Brice Cauvin is an A-list director, actor, and screenwriter from France. He has worked as assistant director to Maurice Pialat, Patrice Leconte, Nicole Garcia, Pierre Salvadori, Romain Goupil, and Philippe Harel. His latest film L’Art de la Fugue (The Easy Way Out) was adopted from the novel by Stephen McCauley. The film received both good press reviews and public recognition and was released in more than 15 countries. The top-notch guest of this year’s Fajr tells us more.
How did you find this year’s festival?
The thing that strikes me a lot is that the people are so nice. They like to know more about you and they want to make sure you’re having a good time.
How do you see the position of Iranian cinema?
I love Iranian films. One of my favorites has to be Where Is the Friend’s Home? It was my first film that I saw from Kiarostami. I watched it for a second time because I was so amazed about its poetry. Then I followed Abbas Kiarostami for many years. Also, I’ve seen The Cow by Dariush Mehrjui. I liked it a lot. My favorite has to be Asghar Farhadi’s About Elly.
Any particular influence from the directors you worked with?
The fact that I worked with a lot of directors was to understand the rules of filmmaking. I don’t have to copy them. Because they all work in different ways. I’ve worked as an assistant director to 30 films. I learned to find my own rules so I’d be able to direct my own films.
How was Leconte’s directing? Did he believe in improvisation?
No. He doesn’t believe in improvisation. He is strict. He is doing most of his frames too. He is very precise. When even he does a comedy there is no improvisation. He is the opposite of some directors like Maurice Pialat. Pialat puts a lot of life to his scenes. I learned a lot from him.
Your latest film was based on L’Art de la Fugue by Stephen McCauley. Can you elaborate?
It’s based on an American book but we made it in French. It’s the story of a family of 3 brothers that have one goal. In French, we call this film a Chronicle. Critics liked it. They said it’s between melancholic and comedy.
Why did you choose an American book for adaptation?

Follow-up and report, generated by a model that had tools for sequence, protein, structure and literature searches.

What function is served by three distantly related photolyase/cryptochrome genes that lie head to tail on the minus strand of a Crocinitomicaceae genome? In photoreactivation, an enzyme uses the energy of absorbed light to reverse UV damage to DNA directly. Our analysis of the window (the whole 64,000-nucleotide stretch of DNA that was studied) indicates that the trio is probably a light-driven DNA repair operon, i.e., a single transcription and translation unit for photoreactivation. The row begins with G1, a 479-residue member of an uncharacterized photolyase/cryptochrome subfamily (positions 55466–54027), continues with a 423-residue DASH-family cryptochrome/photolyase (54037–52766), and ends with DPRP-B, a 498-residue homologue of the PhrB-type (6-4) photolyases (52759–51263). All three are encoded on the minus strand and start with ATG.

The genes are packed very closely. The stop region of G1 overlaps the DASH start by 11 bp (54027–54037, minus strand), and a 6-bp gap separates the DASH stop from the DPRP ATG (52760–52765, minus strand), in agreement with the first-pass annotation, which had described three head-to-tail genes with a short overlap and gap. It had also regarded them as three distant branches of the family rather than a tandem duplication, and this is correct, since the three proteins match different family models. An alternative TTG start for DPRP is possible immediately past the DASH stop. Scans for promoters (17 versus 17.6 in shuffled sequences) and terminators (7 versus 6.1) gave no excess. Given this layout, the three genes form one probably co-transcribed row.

The idea comes from my work with Agnès Jaoui. She was the leading actress of the film. We have known each other for 15 years. She is an actress and director. We talked about literature. One day she said we should do a film together. I said it could be an adaptation. It could be any book. So there was L’Art de la Fugue that we liked both. I told her it has a good character for you. When American audiences watched it, they said it didn’t look like an American story at all; it looked like a French story.
What’s your take on adaptation?
I give you an example from François Truffaut. He said, “You have to pick up a bad novel to make a good film.” Sometimes a good novel turns out to be something terrible. So I think when you adapt a book, you don’t have to be faithful to the text. You have to think about the film. You have to get the soul of the book. You should tell the story with characters. Think you have to be faithful to the book but you don’t have to be faithful to the story.
What’s your next film?
I have a new project. I’ve written the script. It’s not an adaptation. It’s again about a family of two generations. It’s about how we change from one generation to the next.
Your last words?
I think there is some association between Iranian and French cinemas. It is my hoping that our relationship will improve and last. Your movies have been successful in France. A separation by Asghar Farhadi sold more than 2 million tickets.
Presided over by Reza Mirkarimi, the 35th edition of Fajr International Film Festival is coming to a close on Friday, 28 April. Winners of this year’s competition will be announced on Thursday.